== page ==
Ruminations from Greensboro

Greensboro, N.C. The company had me bring my empty trailer up here from Monroe (around 100 miles), then told me to bobtail to the terminal. No one knows why. I got here yesterday about the time my dispatcher went home, so I’m hoping that when he comes in this morning, maybe he knows why I’m here.
I’m hopeful enough to note that there are a lot of new trucks sitting around. But that’s a foolish hope. I’ve only been back with the company since last November, and just coming back from a month-long hiatus.
I can’t think of any other reason they would want me on the terminal. Unless I failed my drug test, which is impossible. Although I’m paranoid enough to realize that I did drink that double-shot of rum that the neighbor brought over to me. If there were any drugs in my system, that’s the only way they could have gotten there.
Well, whatever it is, I won’t know until my dispatcher comes in. Luckily, being somewhat depressed helps one to sleep (and pass the time).
On that note, I should mention that I had already been down yesterday. Then Mara called, asking about the van. She seemed like she wanted to talk but didn’t know what to say. I felt the same. It pains me to admit that hearing her voice will always be like a warm hug to me. It’s a shame that I never meant to her what she meant to me.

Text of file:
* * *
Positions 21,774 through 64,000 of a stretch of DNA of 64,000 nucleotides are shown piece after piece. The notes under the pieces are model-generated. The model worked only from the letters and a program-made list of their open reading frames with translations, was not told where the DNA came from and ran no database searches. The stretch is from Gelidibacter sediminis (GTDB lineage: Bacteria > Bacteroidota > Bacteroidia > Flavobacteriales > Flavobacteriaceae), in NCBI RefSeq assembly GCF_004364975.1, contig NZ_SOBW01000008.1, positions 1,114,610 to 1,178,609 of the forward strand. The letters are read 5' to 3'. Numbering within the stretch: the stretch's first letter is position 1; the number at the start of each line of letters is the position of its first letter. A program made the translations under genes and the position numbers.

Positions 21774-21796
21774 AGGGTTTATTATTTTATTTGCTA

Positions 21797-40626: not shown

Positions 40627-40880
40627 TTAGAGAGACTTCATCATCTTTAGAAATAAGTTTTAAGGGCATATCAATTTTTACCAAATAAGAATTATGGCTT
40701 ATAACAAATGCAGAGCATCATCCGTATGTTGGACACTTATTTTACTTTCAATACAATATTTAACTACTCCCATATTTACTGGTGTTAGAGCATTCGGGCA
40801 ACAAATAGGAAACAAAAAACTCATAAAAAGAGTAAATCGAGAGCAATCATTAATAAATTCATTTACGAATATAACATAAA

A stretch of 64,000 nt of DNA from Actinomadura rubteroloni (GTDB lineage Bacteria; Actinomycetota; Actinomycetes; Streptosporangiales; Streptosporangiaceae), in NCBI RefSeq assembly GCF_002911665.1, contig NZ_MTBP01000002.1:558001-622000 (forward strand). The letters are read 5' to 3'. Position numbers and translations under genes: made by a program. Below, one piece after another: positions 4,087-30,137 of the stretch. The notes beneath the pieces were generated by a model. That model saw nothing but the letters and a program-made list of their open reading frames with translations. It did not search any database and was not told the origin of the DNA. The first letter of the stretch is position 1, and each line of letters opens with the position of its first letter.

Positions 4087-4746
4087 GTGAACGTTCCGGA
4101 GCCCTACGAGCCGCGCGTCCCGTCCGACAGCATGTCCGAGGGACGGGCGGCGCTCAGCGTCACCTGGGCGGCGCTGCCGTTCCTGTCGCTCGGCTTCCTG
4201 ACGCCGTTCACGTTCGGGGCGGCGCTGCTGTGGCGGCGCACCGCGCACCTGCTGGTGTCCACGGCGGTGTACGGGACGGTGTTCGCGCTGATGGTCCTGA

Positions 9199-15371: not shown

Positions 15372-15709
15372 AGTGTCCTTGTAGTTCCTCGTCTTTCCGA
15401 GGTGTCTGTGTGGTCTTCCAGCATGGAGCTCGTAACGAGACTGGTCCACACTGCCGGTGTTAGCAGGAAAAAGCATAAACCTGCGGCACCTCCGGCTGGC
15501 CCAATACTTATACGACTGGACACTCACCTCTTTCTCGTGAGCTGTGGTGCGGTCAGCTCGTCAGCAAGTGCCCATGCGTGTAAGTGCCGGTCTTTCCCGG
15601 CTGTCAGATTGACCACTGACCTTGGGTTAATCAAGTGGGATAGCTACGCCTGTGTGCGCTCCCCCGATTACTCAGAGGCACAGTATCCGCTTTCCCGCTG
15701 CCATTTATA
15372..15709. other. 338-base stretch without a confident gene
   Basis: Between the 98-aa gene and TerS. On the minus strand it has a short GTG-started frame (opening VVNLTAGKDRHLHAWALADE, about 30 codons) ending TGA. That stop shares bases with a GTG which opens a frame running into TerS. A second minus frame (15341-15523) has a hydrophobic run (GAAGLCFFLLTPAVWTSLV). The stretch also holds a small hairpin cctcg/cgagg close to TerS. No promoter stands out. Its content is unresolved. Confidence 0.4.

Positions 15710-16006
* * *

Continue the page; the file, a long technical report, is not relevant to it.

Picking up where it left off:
However that may sound, I could never get back together with Mara. If I had ever considered such notions, living in limbo for a month while I packed away my home put a severe damper on it. Walking around that dark, empty house with tears in my eyes the night I left, chanting “I’m sorry, I’m sorry” to Loretta’s ghost put an end to any notions of reconciliation.
Not that there have really been any such notions. Except for the day she came bouncing in and carted off a few boxes of her things early on, and the evening I asked her for copies of the paperwork on the house, I heard nothing from her during this whole torturous process of packing. Not a word. At least in the last three weeks. And as I discovered item after item of her childhood belongings (things that should be precious to her) among piles of her discarded notes and old bills, it only made me realize how truly fucked up she is.
Mara will always have my sympathy, and even some pity. But she will never again have my love and regard. At least not in the same way. I was married to her for eight years. So there will always be a certain amount of affection. But I would be a fool if I didn’t realize that, even as much as it cost me, it’s probably a good thing to be clear of the wreckage.

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